For prisoners of conscience, torture appears common

Amnesty report details harrowing conditions for religious activists
For prisoners of conscience, torture appears common

Activists accused of plotting to overthrow the communist regime stand listening to verdicts at a People's Court in Vinh, in the north-central province of Nghe An in this Jan. 9, 2013 photo. An Amnesty International report released July 12 details abuses against prisoners of conscience by authorities in Vietnamese jails. (Photo by AFP)

It took just two days in 2013 for the People’s Court of Nghe An to try Catholic activist Dang Xuan Dieu, find him guilty of trying to overthrow the government, and sentence him to 13 years in prison.

On Jan. 9 of that year, sentences were handed down for a group of 14 activists and bloggers. Dieu’s was the longest.

The Catholic activist was an outspoken government critic and writer for the Vietnam Redemptorist News—a perennial thorn in the government’s side.

Among the 14 tried, 12 were Redemptorists. Five were writers for a publication that, as the Committee to Protect Journalists put it, covered "the plight of the country's persecuted Catholic minority, land disputes between the government and grassroots communities, and other social issues."

The retribution for such acts has been harsh.

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"In Prison No. 5, Thanh Hoa province, Dieu had variously been held in solitary confinement for prolonged periods, beaten by prison guards, shackled in a cell with a prisoner who beat him, forced to drink unclean water, denied water for washing, a blanket and mosquito net and lived in unsanitary conditions with no toilet in the cell."

That account was relayed to Amnesty International, who on July 12 released a massive case study detailing the torture that prisoners of conscience have faced in Vietnamese prisons. The report, "Prisoners within Prisons," draws on some 150 hours of interviews with 18 former detainees. Those interviewed included Catholics, Hoa Hao Buddhists, Khmer Krom and Montagnards — religious and ethnic minorities that have faced particular repression.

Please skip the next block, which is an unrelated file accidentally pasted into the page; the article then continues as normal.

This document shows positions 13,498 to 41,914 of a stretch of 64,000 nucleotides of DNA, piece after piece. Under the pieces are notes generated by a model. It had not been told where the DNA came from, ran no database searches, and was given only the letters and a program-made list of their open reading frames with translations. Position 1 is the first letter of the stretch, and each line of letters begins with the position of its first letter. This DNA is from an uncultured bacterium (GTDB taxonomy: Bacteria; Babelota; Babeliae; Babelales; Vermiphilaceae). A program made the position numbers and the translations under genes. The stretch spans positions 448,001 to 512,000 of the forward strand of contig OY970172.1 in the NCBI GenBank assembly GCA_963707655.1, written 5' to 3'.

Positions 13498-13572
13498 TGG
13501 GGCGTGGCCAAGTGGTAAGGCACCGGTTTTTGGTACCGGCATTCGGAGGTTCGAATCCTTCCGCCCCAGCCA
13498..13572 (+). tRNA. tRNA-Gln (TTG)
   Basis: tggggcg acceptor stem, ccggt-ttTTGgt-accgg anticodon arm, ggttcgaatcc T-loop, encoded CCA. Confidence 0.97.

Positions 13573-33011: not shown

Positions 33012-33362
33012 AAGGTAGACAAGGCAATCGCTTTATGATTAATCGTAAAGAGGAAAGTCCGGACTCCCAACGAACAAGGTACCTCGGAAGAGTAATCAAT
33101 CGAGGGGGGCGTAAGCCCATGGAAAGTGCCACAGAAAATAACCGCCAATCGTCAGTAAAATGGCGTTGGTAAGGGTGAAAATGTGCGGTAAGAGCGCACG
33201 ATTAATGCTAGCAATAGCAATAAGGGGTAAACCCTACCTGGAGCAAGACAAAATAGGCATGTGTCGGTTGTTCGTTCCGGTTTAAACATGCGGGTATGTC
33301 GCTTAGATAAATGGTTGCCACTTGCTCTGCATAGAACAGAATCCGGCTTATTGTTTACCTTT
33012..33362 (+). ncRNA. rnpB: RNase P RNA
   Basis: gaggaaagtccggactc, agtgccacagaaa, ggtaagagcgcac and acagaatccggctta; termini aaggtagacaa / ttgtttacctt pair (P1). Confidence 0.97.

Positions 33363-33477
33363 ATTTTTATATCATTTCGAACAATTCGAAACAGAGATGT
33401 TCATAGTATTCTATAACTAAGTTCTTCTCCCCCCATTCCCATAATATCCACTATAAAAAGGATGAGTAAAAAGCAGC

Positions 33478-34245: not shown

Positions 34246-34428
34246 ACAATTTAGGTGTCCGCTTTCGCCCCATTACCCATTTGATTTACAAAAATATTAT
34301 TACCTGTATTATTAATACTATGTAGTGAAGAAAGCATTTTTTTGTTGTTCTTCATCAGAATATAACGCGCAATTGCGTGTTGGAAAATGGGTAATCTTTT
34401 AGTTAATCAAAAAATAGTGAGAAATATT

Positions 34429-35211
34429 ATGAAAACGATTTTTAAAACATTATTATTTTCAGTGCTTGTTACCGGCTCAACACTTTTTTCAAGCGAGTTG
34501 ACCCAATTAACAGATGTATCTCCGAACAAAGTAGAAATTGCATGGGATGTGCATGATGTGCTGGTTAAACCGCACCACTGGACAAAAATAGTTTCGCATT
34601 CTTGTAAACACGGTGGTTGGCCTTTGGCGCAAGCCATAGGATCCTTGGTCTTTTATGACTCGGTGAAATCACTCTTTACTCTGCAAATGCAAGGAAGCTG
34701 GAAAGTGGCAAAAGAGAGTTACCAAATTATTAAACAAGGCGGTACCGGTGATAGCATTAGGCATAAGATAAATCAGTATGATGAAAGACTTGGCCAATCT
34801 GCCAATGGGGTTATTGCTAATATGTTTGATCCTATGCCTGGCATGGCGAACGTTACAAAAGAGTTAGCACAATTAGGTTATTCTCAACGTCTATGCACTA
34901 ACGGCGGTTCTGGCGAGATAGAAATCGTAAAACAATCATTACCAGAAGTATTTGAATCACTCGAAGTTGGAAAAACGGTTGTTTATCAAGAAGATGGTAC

Solitary confinement and beatings were common, the prisoners recounted. Medical treatment for the seriously ill is withheld; contact with the outside world, cut off.  

"The police opened the door to take me to interrogation. As soon as I stepped out, one of them powerfully struck my head from behind, making me fall down. Then they stomped on my body. The police told me that I must fully confess everything, if not I would die without my wife ever knowing," a Montagnard told Amnesty.

The daily torture, which included electrocution, being beaten unconscious, and having a gun held to his head ended only after he confessed to a crime he didn’t commit.

Amnesty has urged the government to put an end to the use of torture, improve its enforcement of domestic and international laws, and punish culpable officials. But there is little to suggest the government will comply. Hanoi has previously defended its rights record and jailing and harassment of dissidents remains the norm. The government has made no official response to the report.

As for Dieu, he has little choice but to wait. Barring a pardon, he will not be released until 2024.

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